NZ-built crypto technology announced for streaming media

RPK Security has announced a new tool for on-the-fly encryption of streaming media between servers and clients. RPK SecureMedia uses strong encryption technology developed in New Zealand that is globally exportable to protect both video and audio assets. It is designed to work with the inconsistent packet rates involved in streaming media. The tool ignores lost and dropped packets without affecting decryption on the client side.

RPK Security has announced a new tool for on-the-fly encryption of streaming media between servers and clients at the RealNetworks Conference and Exhibition '99.

RPK SecureMedia uses strong encryption technology developed in New Zealand that is globally exportable to protect both video and audio assets from prying eyes. SecureMedia is designed to work with the inconsistent packet rates involved in streaming media. The tool ignores lost and dropped packets without affecting decryption on the client side.

"We can encrypt any type of data on the fly: streaming media, voice over IP, even over [virtual private networks,]" says Jack Oswald, president and CEO of RPK.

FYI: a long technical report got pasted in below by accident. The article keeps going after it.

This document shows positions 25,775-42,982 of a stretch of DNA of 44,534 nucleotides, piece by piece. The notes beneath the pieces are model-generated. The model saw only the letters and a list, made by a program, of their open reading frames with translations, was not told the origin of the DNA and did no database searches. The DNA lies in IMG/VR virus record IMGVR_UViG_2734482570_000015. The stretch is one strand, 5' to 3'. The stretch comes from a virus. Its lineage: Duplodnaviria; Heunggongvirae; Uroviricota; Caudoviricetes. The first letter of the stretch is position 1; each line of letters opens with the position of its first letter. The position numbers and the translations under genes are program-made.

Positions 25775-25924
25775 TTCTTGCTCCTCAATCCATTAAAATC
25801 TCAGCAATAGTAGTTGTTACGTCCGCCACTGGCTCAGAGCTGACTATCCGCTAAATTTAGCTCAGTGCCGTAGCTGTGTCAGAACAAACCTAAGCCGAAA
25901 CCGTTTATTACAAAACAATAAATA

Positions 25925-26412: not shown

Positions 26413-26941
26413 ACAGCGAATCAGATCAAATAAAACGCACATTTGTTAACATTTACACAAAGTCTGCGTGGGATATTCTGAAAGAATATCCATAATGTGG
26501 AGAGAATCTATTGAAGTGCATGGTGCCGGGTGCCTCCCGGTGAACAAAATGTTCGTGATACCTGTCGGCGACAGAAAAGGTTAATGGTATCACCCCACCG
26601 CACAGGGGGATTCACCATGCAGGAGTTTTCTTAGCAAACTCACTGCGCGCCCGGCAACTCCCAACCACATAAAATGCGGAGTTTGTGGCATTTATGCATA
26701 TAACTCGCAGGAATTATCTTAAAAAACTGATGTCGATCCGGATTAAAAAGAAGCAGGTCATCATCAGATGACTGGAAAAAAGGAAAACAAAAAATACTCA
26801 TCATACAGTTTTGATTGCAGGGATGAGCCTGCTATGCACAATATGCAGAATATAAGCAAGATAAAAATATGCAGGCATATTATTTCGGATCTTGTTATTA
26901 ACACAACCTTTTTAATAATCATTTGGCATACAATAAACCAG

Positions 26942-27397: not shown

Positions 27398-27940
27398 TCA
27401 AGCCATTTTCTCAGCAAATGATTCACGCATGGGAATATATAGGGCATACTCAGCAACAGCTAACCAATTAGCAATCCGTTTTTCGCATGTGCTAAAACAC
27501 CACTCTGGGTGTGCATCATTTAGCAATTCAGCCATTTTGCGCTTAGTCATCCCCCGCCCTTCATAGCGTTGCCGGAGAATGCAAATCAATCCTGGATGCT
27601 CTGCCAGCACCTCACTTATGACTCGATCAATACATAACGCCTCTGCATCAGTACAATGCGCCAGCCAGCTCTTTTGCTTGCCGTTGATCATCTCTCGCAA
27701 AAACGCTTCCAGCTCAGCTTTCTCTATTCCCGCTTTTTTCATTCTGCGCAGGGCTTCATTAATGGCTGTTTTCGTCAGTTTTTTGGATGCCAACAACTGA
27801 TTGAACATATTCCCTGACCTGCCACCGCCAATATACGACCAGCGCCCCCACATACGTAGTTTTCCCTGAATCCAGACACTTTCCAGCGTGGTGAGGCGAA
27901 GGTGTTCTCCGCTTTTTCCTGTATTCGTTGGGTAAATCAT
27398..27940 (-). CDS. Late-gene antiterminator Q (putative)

Due out in June, the first release of SecureMedia will support RealPlayer and RealServer G2. The system uses a public key infrastructure and can use the Pentium III serial number or the unique ID number found in each G2 player as part of the authentication scheme, Oswald says. Adding that decryption on the client side does not put a noticeable strain on system performance.

But why encode audio or video with such strong encryption? If an encoded plain text message is cracked it's easy to read. But an audio or video bit is more abstract. "There's a lot of similarities in audio and video," Oswald says. "You can look for certain patterns that would be there such as silence or black screens. If you use weak encryption, one could look for those patterns then backtrack to get the rest of the stream."

SecureMedia uses RPK's own key technology that uses 607-bit keys for maximum protection.

Beta versions of the software will be available later this month. Client plug-ins will be free, while server-side pricing has not been determined.

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